2011 National Ethics Report: Implications for Leaders

Last week the biennial National Ethics Report was released by the Ethics Resource Center.  To get your own (free) copy, go to www.ethics.org.

This thorough and enlightening report details the current trends and factors forming our ethical work culture.  There are some intriguing findings, particularly for leaders:

Key Findings

  • Misconduct witnessed by U.S. workers is now at historic lows (45% report observing some form of ethical misconduct), while reporting of misconduct is now at near record highs (65%).

  • Retaliation against employee whistleblowers rose sharply to 22% (compared with 15% in ’09 and 12% in ’07).  When you tie this to the above-mentioned increase in reporting, there are clear implications for leaders and their organizations.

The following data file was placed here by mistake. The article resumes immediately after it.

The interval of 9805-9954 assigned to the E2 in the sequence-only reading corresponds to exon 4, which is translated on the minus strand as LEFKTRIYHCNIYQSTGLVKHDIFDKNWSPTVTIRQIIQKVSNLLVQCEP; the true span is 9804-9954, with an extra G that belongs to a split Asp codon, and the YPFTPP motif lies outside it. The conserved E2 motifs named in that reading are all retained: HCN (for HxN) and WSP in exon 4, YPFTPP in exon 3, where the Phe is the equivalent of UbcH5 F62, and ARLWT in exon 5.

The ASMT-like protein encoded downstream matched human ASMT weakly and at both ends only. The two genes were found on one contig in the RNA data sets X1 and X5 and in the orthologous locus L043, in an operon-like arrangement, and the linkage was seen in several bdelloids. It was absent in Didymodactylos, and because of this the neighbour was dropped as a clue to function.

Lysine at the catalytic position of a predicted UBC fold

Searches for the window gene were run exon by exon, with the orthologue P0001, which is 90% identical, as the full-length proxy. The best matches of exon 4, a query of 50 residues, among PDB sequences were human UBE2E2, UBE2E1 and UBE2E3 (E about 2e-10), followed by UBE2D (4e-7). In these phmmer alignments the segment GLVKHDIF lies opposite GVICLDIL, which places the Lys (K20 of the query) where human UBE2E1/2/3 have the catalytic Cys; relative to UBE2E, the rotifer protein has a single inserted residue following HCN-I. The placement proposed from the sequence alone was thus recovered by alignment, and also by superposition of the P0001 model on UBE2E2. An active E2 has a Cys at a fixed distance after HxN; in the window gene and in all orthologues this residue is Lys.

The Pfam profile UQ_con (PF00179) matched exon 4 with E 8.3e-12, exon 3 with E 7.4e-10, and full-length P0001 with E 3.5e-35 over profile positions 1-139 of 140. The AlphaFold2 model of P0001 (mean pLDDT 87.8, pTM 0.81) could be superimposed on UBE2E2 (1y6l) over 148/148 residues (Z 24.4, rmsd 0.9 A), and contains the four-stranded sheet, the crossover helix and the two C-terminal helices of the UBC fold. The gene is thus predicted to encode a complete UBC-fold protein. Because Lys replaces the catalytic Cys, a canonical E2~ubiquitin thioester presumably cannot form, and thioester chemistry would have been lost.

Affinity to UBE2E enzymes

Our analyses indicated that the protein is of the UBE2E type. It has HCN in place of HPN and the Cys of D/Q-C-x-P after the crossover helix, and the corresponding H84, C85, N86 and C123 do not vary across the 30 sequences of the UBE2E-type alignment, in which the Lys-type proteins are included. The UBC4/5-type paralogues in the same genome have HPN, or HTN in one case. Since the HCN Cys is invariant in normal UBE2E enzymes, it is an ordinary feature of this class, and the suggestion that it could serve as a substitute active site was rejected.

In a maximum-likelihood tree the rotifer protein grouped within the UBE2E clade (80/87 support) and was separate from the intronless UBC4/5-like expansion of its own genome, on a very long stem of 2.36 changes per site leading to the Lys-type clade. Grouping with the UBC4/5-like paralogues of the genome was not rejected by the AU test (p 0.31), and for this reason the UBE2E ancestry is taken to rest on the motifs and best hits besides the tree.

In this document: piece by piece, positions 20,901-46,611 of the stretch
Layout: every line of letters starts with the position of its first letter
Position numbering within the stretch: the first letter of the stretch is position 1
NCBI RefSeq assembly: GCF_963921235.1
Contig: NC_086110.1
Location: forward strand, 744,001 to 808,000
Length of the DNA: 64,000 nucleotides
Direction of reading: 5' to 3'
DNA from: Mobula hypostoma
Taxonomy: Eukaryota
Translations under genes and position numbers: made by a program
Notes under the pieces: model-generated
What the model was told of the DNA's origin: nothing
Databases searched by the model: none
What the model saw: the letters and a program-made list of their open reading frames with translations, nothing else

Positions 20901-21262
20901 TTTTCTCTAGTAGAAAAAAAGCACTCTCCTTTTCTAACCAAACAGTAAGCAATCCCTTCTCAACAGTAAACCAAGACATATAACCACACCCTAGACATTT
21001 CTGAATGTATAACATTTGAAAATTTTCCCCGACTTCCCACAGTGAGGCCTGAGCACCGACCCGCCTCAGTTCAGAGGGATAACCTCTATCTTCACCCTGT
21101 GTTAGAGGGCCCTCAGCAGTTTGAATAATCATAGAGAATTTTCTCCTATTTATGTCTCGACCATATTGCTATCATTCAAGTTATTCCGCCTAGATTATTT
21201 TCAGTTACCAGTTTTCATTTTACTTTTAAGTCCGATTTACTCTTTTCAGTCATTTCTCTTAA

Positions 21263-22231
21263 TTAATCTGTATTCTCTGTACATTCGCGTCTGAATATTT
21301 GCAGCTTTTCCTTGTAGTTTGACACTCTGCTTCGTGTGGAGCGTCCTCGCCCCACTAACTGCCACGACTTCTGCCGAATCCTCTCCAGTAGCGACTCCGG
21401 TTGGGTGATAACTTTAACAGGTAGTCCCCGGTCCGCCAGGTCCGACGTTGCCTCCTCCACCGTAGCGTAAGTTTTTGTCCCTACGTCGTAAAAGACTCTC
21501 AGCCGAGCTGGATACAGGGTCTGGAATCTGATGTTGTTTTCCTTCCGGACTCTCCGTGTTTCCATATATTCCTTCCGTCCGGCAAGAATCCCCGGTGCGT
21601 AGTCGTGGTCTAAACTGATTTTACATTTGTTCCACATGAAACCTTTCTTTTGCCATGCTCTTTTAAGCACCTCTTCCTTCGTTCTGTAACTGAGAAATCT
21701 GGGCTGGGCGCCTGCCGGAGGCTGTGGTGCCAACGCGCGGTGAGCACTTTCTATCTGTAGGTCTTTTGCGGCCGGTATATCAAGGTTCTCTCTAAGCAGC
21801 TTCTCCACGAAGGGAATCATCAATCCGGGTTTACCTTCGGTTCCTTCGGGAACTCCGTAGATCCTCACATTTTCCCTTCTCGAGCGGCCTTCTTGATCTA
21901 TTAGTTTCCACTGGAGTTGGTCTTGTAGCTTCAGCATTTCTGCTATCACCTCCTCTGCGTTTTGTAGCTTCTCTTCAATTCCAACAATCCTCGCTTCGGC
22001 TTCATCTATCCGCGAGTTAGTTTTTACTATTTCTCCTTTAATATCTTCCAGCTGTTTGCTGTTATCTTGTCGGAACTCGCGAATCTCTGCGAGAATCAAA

• The percentage of employees who perceived pressure to compromise standards in order to do their jobs climbed five points from 2009 to 13 percent.

  • Two influences stood out in the unusual shift in trends: the economy and the unique experiences of those actively using social networking at work.

    • 34% say management watches more closely

    • 34% also have a negative view of their supervisor’s ethics (highest in 11 years)

    • 42% report there is a raised awareness about ethics in their organization

    • 30% say that offenders are laying-low until the economy improves

    • 50% of active social networkers report keeping a copy of a confidential document for their next job

    • 50% of active social networkers upload personal pictures on company time using company networks/servers

    • 46% of active social networkers copy software for use on a personal computer

    • 32% of active social networkers feel more pressure to compromise ethical standards

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